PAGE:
Andrew Yang, the businessman who came to national prominence during his upstart bid for the 2020 Democratic presidential nomination, formally announced the launch of his New York City mayoral campaign on Wednesday night.
Yang, 46, headlines a field of candidates touting their plans to reopen the city following a coronavirus pandemic that brought local business to a near-halt in recent months. The former entrepreneur outlined several platform goals in a video message announcing his bid, including the establishment of a universal basic income for New York City residents.
“Seeing my city the way it is now breaks my heart,” Yang said. “We need to realize Martin Luther King Jr.’s dream of a guaranteed minimum income and get cash into the hands of people who need it most. We’ll bring New York City into the 21st century by getting everyone high-speed internet so our kids can learn. We’ll take back control of our subway.”
Yang was considered an early frontrunner in the New York City mayoral race when he filed paperwork last month to run for the office. New York City Mayor Bill de Blasio, a Democrat, has faced widespread criticism in recent months over his handling of the pandemic. He is in his second term and is barred from seeking a third.
The founder of nonprofit Venture for America, Yang outperformed expectations during a presidential campaign in which he called for the implementation of the “Freedom Dividend,” or universal basic income of $1,000 per month, as a check against job losses related to automation. He dropped out of the race last February as President-elect Joe Biden gained a clear lead.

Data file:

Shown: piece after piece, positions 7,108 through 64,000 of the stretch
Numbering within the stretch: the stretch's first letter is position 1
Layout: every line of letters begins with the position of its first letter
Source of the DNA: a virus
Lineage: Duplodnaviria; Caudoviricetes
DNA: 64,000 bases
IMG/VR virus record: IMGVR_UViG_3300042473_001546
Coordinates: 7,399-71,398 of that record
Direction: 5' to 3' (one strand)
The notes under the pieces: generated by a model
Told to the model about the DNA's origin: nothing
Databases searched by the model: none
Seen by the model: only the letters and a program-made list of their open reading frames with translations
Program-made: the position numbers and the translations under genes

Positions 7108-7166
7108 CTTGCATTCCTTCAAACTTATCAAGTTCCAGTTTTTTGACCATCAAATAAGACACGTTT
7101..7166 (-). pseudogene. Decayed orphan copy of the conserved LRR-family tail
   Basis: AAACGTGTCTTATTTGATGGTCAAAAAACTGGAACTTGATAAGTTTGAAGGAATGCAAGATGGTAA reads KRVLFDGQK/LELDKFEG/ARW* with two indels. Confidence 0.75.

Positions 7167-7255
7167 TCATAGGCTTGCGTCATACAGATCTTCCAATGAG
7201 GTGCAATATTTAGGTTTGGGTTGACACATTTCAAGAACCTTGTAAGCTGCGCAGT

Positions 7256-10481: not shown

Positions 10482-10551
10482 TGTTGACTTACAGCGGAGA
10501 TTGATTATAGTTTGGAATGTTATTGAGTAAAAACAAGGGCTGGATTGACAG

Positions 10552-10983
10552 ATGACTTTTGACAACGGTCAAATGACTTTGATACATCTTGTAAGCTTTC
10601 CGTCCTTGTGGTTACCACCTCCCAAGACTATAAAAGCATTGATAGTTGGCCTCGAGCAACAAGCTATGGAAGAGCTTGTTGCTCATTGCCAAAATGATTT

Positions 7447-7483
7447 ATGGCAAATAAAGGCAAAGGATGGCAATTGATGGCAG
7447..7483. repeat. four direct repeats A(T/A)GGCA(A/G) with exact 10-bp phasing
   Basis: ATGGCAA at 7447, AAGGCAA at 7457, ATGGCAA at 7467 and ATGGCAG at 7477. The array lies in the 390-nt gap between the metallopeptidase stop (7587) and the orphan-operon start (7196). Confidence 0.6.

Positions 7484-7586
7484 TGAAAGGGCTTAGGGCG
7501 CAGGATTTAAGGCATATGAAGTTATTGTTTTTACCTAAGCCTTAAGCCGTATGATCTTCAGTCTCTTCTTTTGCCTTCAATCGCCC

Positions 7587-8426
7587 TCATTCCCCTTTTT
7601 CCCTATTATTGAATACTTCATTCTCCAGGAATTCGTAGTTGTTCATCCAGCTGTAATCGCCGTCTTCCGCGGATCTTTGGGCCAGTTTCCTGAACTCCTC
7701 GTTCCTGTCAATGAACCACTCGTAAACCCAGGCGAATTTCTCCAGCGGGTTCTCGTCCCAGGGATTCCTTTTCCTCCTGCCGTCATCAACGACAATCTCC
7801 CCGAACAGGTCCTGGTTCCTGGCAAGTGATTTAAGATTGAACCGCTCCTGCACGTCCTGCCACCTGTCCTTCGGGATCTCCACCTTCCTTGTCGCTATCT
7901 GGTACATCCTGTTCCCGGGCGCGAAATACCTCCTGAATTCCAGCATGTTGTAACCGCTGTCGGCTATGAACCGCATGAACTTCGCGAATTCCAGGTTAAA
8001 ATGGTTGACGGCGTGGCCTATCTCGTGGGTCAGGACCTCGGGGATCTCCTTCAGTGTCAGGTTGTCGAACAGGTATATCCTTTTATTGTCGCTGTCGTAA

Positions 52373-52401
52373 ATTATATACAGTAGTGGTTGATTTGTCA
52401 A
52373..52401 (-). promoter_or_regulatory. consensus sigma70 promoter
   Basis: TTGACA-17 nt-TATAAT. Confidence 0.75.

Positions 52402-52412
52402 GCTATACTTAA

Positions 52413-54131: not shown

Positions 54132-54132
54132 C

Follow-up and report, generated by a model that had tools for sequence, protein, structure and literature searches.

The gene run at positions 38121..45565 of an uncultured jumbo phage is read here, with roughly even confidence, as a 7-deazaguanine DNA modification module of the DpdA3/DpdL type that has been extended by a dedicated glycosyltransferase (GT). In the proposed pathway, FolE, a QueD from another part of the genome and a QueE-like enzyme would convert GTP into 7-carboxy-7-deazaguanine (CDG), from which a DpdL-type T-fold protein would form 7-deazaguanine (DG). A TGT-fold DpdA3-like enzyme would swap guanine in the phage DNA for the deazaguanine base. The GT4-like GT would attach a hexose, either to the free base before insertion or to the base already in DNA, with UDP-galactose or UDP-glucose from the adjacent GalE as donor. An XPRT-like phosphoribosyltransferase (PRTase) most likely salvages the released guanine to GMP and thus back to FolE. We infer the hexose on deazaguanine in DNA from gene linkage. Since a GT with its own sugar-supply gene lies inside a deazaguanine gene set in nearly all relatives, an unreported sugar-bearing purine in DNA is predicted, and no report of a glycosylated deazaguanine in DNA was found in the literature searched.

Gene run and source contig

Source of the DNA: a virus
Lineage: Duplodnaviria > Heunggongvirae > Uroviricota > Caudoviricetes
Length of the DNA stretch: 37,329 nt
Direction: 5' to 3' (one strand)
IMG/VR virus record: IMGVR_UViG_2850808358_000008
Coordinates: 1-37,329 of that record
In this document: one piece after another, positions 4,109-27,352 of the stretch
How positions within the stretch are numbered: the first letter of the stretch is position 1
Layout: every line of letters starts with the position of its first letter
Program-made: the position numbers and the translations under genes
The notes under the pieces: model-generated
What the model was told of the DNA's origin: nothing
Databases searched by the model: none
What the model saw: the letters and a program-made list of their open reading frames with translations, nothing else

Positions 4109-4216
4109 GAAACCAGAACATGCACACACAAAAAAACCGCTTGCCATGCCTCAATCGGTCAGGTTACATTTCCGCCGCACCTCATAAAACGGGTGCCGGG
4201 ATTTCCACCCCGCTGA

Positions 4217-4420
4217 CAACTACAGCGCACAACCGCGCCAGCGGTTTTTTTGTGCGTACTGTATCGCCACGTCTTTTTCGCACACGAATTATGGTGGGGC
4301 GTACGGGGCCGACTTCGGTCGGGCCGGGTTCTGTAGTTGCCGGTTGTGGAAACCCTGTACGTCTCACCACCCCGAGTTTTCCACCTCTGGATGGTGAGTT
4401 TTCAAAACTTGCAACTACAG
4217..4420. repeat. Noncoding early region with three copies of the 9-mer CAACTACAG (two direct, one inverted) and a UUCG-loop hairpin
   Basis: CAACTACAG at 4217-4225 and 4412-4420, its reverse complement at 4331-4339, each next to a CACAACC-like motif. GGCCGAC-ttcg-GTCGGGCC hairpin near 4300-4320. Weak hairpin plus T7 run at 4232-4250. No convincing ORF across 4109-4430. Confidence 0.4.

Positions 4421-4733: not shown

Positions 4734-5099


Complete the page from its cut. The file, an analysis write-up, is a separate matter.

“I’m running for mayor for my two boys, for you and for every New Yorker,” Yang said. “Let’s fight for a future New York City that we can all be proud of.”
In the days before he announced his mayoral bid, Yang faced mounting scrutiny from critics who questioned the strength of his ties to New York City. That criticism intensified after Yang confirmed that he relocated from his New York City apartment to his family home in New Paltz during the pandemic.
Yang prompted a social media uproar after he told the New York Times that he had decided to relocate because of cramped conditions in his two-bedroom apartment. Detractors pointed out that New York City residents have contended with the same scenario for months, often in apartments smaller than his.
“Every New York parent has struggled with educating our children in a time of COVID. I’ve been proud to live, work and raise my kids in this city for 25 years,” Yang said in response to the criticism. “After COVID shut down our public schools, we took our two kids, including my autistic son, to upstate New York to help him adapt to our new normal.”
Other early mayoral candidates including New York City Comptroller Scott Stringer and Brooklyn Borough President Eric Adams.